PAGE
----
Gamification, or the use of game mechanics in non-game applications, has made its way to stock trading.
Kapitall has launched an online stock-trading site that makes trading stocks a lot less intimidating for people who aren’t familiar with stock trading. The basic idea is that trading stocks should be no more difficult than playing a video game. And if you practice at it long enough, you can become much more skillful than a neophyte stock picker. This clever approach to training people how to do something hard is another sign that the influence of gaming is growing and that gamification — delivered as achievement, badge, and leaderboard services to enterprises — has only scratched the surface so far.
“Financial services brands are delivering complex services to active traders who have experience,” said Jarrett Lilien, the chief executive of New York-based Kapitall, in an interview with GamesBeat. “We feel that’s a little unfair to smaller investors. We tried to simplify it because too much information is overwhelming.”
The user interface for Kapitall, pictured above, looks a lot more like a video game than an online brokerage account. That’s important for attracting people 35 and under, who are more likely to enjoy a game-like experience. Lilien said Kapitall draws a young set of customers, and roughly half are women.
When you first create an account, you play for free. You receive $25,000 in virtual money to get started picking stocks. When you aren’t trading with real money, you can do the experimentation it takes to understand how stocks move up and down over time. The first time I logged in, I went through a tutorial that showed me important numbers to notice like “price of profit.” That number is basically a forward price-earnings ratio, which divides a company’s stock price by its expected earnings per share 12 months from now. It is a measure of how good a deal a stock is. The lower the number, the better the opportunity to make money.
You can drag and drop icons onto a central work space dubbed a “playground,” where you can look at a lot of things at once. You can look at stocks on a superficial level or drill down on them. The tutorial also shows you how to compare different stocks with the press of a button. You can do so by using an “analyze” or “compare” tool. It’s easy to see analyst ratings at a glance, so you can see whether the bulk of analysts following the company recommend it or not. Purchasing a stock is similarly easy.
The second time I logged in, I found that my practice portfolio of $25,000 had turned into $24,996. But my return for that day was $9.63. A normal newbie investor would play around with the practice portfolio for a while and see if he or she had a knack for making money trading stocks. If they don’t, then they won’t lose any money. But if they can consistently make money over six months or a year, it might very well be profitable to convert the practice account into a real online brokerage account.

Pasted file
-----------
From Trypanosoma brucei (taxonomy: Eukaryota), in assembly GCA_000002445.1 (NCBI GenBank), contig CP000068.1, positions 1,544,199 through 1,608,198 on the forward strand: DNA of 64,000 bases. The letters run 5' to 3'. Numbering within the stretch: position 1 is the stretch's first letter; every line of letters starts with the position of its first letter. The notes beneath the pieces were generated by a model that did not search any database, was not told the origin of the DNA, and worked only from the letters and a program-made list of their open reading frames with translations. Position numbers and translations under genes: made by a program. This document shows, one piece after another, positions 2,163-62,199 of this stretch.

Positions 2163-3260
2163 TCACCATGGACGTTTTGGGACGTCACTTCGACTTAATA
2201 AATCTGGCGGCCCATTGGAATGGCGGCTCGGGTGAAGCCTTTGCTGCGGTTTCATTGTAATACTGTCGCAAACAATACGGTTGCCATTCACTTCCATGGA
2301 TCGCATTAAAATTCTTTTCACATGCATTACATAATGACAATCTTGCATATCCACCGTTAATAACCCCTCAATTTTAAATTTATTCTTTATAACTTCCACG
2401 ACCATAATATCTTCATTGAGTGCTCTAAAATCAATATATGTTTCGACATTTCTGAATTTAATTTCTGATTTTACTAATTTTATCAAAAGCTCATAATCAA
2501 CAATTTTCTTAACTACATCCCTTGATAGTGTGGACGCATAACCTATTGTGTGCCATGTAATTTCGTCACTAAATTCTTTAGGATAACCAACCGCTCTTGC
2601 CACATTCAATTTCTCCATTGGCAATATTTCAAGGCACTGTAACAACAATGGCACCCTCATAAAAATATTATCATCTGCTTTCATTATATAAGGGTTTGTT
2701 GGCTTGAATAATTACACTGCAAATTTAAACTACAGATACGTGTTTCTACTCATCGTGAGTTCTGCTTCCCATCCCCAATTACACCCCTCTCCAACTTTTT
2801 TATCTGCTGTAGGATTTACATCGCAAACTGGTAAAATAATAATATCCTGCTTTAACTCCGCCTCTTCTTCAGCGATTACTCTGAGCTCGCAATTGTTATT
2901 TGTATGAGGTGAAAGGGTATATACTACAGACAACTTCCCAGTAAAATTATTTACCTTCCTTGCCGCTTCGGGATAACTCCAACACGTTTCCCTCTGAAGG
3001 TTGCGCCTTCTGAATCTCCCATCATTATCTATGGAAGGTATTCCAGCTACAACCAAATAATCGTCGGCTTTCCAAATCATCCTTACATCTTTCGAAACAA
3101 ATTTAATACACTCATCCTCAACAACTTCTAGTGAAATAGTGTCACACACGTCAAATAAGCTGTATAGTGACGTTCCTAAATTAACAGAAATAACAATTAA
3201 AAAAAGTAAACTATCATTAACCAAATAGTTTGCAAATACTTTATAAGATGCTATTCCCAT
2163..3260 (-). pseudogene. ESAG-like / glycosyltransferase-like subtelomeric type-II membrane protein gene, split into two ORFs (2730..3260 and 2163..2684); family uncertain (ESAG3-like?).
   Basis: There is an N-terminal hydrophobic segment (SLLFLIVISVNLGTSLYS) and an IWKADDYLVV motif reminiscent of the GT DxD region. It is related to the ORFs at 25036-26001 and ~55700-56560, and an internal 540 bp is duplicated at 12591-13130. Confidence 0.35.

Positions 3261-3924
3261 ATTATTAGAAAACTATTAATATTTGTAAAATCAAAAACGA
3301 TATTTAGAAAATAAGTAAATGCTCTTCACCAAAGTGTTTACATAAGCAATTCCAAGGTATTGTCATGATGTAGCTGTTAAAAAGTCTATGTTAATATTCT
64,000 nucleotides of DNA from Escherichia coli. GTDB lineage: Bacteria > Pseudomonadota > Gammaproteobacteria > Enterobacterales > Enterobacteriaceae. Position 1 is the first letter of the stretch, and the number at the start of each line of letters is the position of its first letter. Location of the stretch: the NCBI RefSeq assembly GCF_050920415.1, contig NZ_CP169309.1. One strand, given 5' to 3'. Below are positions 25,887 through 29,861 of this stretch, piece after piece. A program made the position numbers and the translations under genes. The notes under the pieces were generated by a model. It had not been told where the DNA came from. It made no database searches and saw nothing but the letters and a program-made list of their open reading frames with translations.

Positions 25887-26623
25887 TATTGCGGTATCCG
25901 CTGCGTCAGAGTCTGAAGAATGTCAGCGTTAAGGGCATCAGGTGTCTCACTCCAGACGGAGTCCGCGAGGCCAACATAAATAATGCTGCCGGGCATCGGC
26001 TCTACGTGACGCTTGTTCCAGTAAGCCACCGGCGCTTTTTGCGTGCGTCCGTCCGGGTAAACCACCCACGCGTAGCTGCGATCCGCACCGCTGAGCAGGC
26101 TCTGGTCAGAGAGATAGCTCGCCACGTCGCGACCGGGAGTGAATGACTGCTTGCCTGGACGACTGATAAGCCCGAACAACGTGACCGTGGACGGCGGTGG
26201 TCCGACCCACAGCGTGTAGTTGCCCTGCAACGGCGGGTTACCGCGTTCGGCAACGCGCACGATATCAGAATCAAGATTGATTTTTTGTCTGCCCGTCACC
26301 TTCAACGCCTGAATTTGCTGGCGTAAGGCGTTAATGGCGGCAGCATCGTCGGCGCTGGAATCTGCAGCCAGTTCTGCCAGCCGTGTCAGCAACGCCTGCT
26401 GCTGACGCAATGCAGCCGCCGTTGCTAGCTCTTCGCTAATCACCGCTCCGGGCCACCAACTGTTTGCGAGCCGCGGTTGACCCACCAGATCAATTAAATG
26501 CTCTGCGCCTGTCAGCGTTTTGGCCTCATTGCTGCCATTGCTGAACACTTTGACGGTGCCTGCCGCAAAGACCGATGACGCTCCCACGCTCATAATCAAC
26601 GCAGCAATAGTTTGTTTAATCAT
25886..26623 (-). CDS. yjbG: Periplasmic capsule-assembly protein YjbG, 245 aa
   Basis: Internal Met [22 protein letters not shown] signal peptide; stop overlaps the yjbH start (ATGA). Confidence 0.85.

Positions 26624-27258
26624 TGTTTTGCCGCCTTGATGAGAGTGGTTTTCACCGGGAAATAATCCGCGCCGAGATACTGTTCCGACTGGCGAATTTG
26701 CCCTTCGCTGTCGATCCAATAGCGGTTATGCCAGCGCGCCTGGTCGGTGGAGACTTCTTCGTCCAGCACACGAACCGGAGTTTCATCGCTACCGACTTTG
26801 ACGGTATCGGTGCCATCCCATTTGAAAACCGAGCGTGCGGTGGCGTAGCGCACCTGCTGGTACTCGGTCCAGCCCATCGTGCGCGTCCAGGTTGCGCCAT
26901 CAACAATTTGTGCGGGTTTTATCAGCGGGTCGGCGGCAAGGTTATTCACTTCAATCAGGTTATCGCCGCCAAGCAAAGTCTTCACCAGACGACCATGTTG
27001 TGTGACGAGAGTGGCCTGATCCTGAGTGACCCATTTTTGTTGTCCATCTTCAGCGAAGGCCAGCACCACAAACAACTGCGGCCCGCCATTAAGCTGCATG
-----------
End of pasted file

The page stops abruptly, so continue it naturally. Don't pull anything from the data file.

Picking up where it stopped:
That’s where Kapitall makes money, and it gives you a series of missions to fulfill so that you can get more comfortable with trading. Some of the changes are intuitive. Rather than show a new investor a tile with a stock symbol, Kapitall has a tile with an icon on it. A stock ticker runs across the bottom of the page with real-time stock quotes. But the stock symbols are replaced with icons so that the company are more easily recognizable.
You can explore stocks by clicking on the icons of investment themes. Those icons include a portfolio of stocks that fit a particular investment strategy. If you want to invest in electric cars, you’ll see stocks like Tesla listed.
If I had any complaint about the way Kapitall looks, it’s that it doesn’t look enough like a game. But it has to balance the need to make its user interface flashy against the fact that a very different type of user will be playing this “game.” You can share your picks with others. But Gaspard de Dreuzy, who has the game experience on the team, said in an interview with GamesBeat that Kapitall is designed like a game, but it just doesn’t look like a game.
“Our market is likely going to skew toward women who are older,” de Dreuzy, chief innovation officer, said.
The video game experience comes from founder de Dreuzy, who started the company (under the name Stereo Scope) in 2008 with Serge Kreiker, Cordell ratzlaff, David Neubert and Sally Wood. Lilien, former president of E*Trade who has spent a career in stock trading, came on in August as chief executive and chairman. It launched its first iteration of its Kapitall web site in 2009 and it now has dozens of employees. One of its directors is Mike Haller, former senior vice president at video game publisher THQ, and an advisor is Bruce Shelley, a game veteran and co-creator of Age of Empires.
“The world doesn’t need another online broker,” said Lilien. “But there is an opportunity for one that brings a radical change to the usual model.”
“And to me, the user experience will be the next radical change,” de Dreuzy said. “We don’t really like the word ‘gamification’ because it suggests you do something on top of another site. In this case, we have built in the game technology from the ground up.
Real-world brokers are likely to give you a lot more attention. But if you want to sign up with Merrill Lynch, you’ll find that you have to put a lot of money down.
Their hope is to use gaming to change how people invest in the future.
So far, more than 100,000 people have logged in and created practice portfolios. Of those, 2,800 have created brokerage accounts. Over time, de Dreuzy said his company will add more features and applications. The way he sees it, the company has creating an operating system for gamifying online trading. And the applications will follow to make the users more and more engaged.
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